Originally Posted by Drunken.Broncoholic
All the time? Ok. Lets see more examples then. All the time after decades would mean tons of examples. There's only a handful of players who can even use that term truly "elite"
Warren Moon - undrafted, refused to switch positions. Now in the Hall of Fame.
Every team in the NFL passed on Joe Montana twice.
Joey Porter was a practice squader for the Steelers, they cut him, the Ravens picked him up, cut him again, and then he wound up back with the Steelers. He since has won DPOY.
Arian Foster was an undrafted FA, he's now one of the best backs in the NFL.
Shannon Sharpe was a late 7th round pick.
The vast majority of the Broncos best offensive line players during Shanahan's tenure were late rounders and undrafted FAs.
Terrell Davis was a 7th rounder, just like Sharpe. That means ever team passed at least six times.
Tom Brady - also passed on nearly half a dozen times by every team.
Dude, this isn't even hard. We're talking about a league where Tim Couch was a former first overall pick, followed up by Akili Smith. The NFL talent evaluation process is a massive crap shoot.
Originally Posted by TheElusiveKyleOrton
That's why I asked the question. How many teams need to give up on him? How many GMs and personnel men need to say the words "he's just not a quarterback at this level" for Drek to believe that maybe, just maybe, the people who get paid to know might actually know.
1. In most professions the level of failure that GMs in the NFL show would be grounds for termination at a minimum, incarceration in some. They are far from infallible, most of them are pulling **** from their asses.
2. I'm a strong believer in what John Madden once said when asked about how great a "genius" Bill Belichick is - that if it wasn't for the NFL these guys would be teaching PE, so it's pretty hard to call 'em a genius when that's the alternative.
A success rate a little better than 50/50 on employee evaluation would be shockingly awful in most circles of highly skilled professionals. That's the average first round success rate for GMs in the NFL.
Originally Posted by Br0nc0Buster
Then again this was the same person who kept saying all last year how he was better than Cam Newton, so not too suprised
Cam Newton plays in an incredibly friendly offense to his (and Tim Tebow's) skill set, has been given all the snaps since day one, and still hasn't won ****.
Tim Tebow has been a square peg pounded into round holes from day one and he's got a division title and playoff win to his credit.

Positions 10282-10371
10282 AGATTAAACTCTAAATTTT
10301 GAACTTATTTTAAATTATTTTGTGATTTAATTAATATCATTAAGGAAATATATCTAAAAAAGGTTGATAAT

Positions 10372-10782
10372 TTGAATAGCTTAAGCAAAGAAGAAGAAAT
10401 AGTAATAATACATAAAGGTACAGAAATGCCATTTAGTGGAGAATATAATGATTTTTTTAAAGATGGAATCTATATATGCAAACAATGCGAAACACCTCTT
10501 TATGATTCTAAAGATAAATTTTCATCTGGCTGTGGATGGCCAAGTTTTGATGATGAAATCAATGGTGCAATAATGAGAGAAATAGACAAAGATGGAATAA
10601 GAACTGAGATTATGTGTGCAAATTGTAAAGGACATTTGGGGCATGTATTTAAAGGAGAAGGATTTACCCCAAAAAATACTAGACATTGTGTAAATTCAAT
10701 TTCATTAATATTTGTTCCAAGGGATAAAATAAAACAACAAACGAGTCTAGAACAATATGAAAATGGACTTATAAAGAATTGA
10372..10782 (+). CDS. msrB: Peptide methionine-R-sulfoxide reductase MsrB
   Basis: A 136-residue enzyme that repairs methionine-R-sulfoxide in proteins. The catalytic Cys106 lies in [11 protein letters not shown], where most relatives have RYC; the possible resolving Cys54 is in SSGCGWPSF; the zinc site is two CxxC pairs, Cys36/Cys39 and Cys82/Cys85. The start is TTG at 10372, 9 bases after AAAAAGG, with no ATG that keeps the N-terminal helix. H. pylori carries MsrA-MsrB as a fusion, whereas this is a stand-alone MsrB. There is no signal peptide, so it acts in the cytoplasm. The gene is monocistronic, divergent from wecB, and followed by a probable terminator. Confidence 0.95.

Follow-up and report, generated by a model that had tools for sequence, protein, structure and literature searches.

Seriously, how any Bronco fan could see last year's Wild Card round playoff game and not think that Tebow has real talent is absolutely beyond me. He carried us to a win over one of the best teams in the NFL that day with big play after big play.
The only difference between Tebow and his peer group is that the more "traditional" passer types have been allowed a much greater degree of freedom to fail as a passer. You jump on Tebow for having a 50% completion rate but that ignores:
Sam Bradford having a 53% completion rate in year two with the Rams.
Eli Manning having a 48.2% completion rate his first 9 games as a rookie and only a 52.8% completion rate in 16 games as a second year QB.
Peyton Manning only completed 56.7% of his passes as a rookie over 16 games.
Steve Young was a 53% or worse passer his first four seasons, which totaled over 30 games played.
Drew Brees was only a 55% passer his rookie season.
Needless to say, I could continue. Last season Tebow wasn't even allowed to try a real NFL offense because this staff had zero faith in him and were unwilling to even try. The previous season he had three starts against real NFL defenses that were actual real passing situations and he had a 50% completion rate, not wildly worse than many good NFL QBs today. That was a dumped into the deep end of the pool scenario with very little prep, while most of the seasons above came from QBs who had entire off-seasons of preparation with at least half, if not all, of the practice reps.
Tebow has never gotten a shot because his throwing motion is awkward, that is compounded further by him being left handed, and he spent his time in college being utilized in a spread option offense that relied heavily on his legs. Other than that its mostly negative image tied to his fan base, not his talent level.
Regardless, that is all about Tebow the passer. This thread is about Tebow the football player, being utilized in a different role. In said different role Tebow could be one of the most dynamic ball carriers in the NFL TODAY. Not a few years from now after being groomed, but next Sunday.
Mike Alstott was a very productive ball carrier. Jerome Bettis is a borderline HoF candidate. Tim Tebow has the size and power of either one of them. He could be an incredibly capable running back while his passing is developed in the off-season. If it never materializes then so be it, but he'd still be a valuable contributor to any team willing to find ways to put the ball in his hands.